The Irish Times view on RTÉ radio departures: why does 2FM exist at all?

The pop station offers a service which is already provided by commercial competitors

To lose one high-profile radio presenter might be regarded as a misfortune. To lose four within the space of a month suggests that something is afoot behind the scenes at 2FM, RTÉ's pop music station.

The departures of Jennifer Zamparelli, Doireann Garrihy and The 2 Johnnies mean 2FM has gaps to fill in all its key daytime slots. That need not be a disaster; any radio station whose mission is to appeal to younger listeners needs to be capable of refreshing its roster on a regular basis.

But it seems a remarkable coincidence that such a rash of departures should take place just weeks ahead of the introduction of new transparency requirements on presenters’ commercial activities. 2FM head Dan Healy did not deny that these played a part in the mass exodus, although he insists other factors are also at play.

Under Healy’s stewardship, 2FM has regained some market share from its commercial rivals. It has done so in part by signing up presenters who had already developed their own personal brands as influencers and podcasters. The downside of that strategy is that those presenters may calculate that reduced budgets and heightened scrutiny mean a post-scandal RTÉ is no longer worth the trouble.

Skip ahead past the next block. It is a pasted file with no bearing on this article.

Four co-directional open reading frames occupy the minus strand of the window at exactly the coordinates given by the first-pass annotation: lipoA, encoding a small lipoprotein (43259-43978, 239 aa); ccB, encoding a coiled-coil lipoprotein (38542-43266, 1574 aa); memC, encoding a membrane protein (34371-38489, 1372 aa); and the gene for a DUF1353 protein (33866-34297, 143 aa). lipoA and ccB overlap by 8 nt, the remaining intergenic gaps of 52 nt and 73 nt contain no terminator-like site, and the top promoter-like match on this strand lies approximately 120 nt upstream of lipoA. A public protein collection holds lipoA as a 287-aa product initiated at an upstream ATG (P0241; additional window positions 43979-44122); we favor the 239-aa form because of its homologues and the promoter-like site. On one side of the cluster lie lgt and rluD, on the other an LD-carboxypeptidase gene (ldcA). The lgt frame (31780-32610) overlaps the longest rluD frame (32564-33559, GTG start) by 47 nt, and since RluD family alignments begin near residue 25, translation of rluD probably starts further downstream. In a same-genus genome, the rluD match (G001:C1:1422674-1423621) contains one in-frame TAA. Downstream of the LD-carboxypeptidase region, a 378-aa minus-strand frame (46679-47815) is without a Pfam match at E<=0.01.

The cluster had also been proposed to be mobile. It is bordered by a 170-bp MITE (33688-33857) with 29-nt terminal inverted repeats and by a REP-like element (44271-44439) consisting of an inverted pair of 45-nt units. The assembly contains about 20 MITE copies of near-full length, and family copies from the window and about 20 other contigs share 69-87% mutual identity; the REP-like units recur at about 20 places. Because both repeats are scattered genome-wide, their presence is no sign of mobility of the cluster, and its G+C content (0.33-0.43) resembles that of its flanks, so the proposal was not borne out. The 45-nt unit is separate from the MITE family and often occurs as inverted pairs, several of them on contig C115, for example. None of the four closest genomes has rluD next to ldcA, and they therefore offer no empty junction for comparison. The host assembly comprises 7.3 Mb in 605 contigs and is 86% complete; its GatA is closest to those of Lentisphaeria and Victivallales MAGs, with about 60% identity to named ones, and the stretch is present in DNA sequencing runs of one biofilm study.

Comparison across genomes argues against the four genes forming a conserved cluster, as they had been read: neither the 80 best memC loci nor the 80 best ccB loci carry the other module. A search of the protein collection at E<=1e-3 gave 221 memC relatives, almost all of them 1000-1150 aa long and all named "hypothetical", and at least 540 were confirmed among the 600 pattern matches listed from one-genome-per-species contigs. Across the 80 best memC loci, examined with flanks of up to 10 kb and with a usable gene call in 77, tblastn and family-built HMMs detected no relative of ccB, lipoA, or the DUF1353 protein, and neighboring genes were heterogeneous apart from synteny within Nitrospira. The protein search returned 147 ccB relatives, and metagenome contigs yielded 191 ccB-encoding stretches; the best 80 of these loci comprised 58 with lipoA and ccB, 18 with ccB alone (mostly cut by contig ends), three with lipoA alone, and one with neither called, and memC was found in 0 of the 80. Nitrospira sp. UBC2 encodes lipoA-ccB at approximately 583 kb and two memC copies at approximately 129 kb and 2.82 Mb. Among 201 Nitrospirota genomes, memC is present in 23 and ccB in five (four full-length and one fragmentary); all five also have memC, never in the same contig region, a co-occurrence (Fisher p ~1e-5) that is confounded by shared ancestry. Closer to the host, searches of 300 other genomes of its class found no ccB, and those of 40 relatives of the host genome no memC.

The real question, however, is why 2FM exists at all. Some argue that the channel fulfils the third part of public service broadcasting’s remit to “inform, educate and entertain”, and that it also performs the vital task of reaching a younger cohort than any other RTÉ service. But both these needs are adequately met by commercial competitors. And it would surely be a better public service to invest in reaching younger audiences via streaming rather than old-fashioned linear radio.

The missing part in this jigsaw is clarity on how much 2FM costs and what revenue it generates. Recent reports have criticised the blurred line between RTÉ's commercial and public service activities. The leaner, more accountable organisation which director general Kevin Bakhurst has promised will need a clearer, more convincing argument on 2FM’s behalf to justify its survival.